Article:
What it’s like to be a parent to a child with Down syndrome on the first day of school after most of summer camp didn’t go particularly well and you were regularly summoned from your work—pulled, wrenched from your work— when the phone rings because there is some problem with your child, “problem child”, that needs dealing with.
Most commonly: “Can you come and pick her up?”:
It’s the first day of school, and I’m sitting at my eldest daughter’s desk, out of my element, because I’m keeping our new kitten Marvel company. She’s a marvel. The phone rings unexpectedly and I jump from my chair—I leap from my chair. Where is it? Where is it? Where’s my phone! How dare my phone escape my peripheral vision, my direct vision. My hand. The watch on my wrist is the thing vibrating telling me I have a call. I have a call! Where is the physical device, the talking piece. I need it. Now. NO CALLER ID is flashing at me. I know what that means! That means it’s got to be the school, it’s got to be the school. Elyse. She needs me. They need me. The school. Where’s the phone? Where is it? I need to answer this call. I have to. I need it now.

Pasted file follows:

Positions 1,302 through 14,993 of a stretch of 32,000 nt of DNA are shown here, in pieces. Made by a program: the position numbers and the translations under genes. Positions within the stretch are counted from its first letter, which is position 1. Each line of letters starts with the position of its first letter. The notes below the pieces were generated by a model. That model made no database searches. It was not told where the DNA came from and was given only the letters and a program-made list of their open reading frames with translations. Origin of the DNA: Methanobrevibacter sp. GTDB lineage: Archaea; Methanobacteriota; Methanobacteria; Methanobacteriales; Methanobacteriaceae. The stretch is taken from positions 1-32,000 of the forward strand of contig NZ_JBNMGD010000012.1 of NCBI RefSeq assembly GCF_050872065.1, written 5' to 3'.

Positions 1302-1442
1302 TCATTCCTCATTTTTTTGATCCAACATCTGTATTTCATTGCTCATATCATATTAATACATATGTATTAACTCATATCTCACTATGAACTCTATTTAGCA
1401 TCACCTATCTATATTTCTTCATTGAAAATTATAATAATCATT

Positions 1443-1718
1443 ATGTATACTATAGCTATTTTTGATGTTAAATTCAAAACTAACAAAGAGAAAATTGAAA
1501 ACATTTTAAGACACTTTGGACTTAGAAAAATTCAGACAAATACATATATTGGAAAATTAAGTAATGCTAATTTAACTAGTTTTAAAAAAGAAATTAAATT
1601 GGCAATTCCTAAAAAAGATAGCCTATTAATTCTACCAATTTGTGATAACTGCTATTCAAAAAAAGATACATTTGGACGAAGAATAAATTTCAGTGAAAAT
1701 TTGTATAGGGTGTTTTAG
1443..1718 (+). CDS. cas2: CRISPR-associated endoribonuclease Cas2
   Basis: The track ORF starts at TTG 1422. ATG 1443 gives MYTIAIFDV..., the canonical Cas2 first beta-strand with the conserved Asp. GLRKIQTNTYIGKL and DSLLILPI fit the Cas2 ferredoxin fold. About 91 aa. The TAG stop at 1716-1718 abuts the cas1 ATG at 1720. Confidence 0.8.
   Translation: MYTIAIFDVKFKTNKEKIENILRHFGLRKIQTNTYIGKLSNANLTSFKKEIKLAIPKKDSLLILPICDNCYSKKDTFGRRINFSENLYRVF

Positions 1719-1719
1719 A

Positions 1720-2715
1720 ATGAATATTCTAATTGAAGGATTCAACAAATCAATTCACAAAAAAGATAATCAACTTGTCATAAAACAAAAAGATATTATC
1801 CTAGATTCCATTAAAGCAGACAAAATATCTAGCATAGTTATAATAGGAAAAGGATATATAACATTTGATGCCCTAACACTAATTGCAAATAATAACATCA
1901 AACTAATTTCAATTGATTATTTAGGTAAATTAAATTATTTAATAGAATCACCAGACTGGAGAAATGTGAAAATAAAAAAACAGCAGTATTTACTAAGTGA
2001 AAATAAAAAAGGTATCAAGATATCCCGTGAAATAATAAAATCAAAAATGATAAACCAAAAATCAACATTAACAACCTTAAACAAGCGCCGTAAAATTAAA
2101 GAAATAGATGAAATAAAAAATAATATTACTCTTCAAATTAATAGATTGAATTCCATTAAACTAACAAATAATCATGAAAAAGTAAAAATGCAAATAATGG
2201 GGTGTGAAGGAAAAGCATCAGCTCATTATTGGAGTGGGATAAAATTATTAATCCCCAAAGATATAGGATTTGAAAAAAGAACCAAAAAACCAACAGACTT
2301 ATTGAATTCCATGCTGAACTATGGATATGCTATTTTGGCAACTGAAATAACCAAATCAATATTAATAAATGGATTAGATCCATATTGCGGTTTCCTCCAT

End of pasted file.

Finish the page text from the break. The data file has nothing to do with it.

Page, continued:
I run, go barreling, stompy-footed down the stairs, hand bracing against banister railing and then pause. Hold breath. Listen. Hear the vibration of phone shimming on wood table. Eyes dart across the room. The kitchen table. There it is! Must reach phone. Arms outstretched legs moving too slowly too slow this cumbersome body. GOT IT! Hold breath. Answer the damn phone.
“Hello?” Calm, courteous, polite. Calm. CALM.
“Hi Adelle, it’s the dentist’s office calling, are you able to switch your dentist appointment to this week instead of next week, we have an opening.” Breath slides out like a deflating balloon, but my heart swells.
Yes, if that’s all that this is, then no problem. No problem at all. I’ll take any appointment you’ve got. Just, keep my kid, and make sure she’s happy and learning, will you?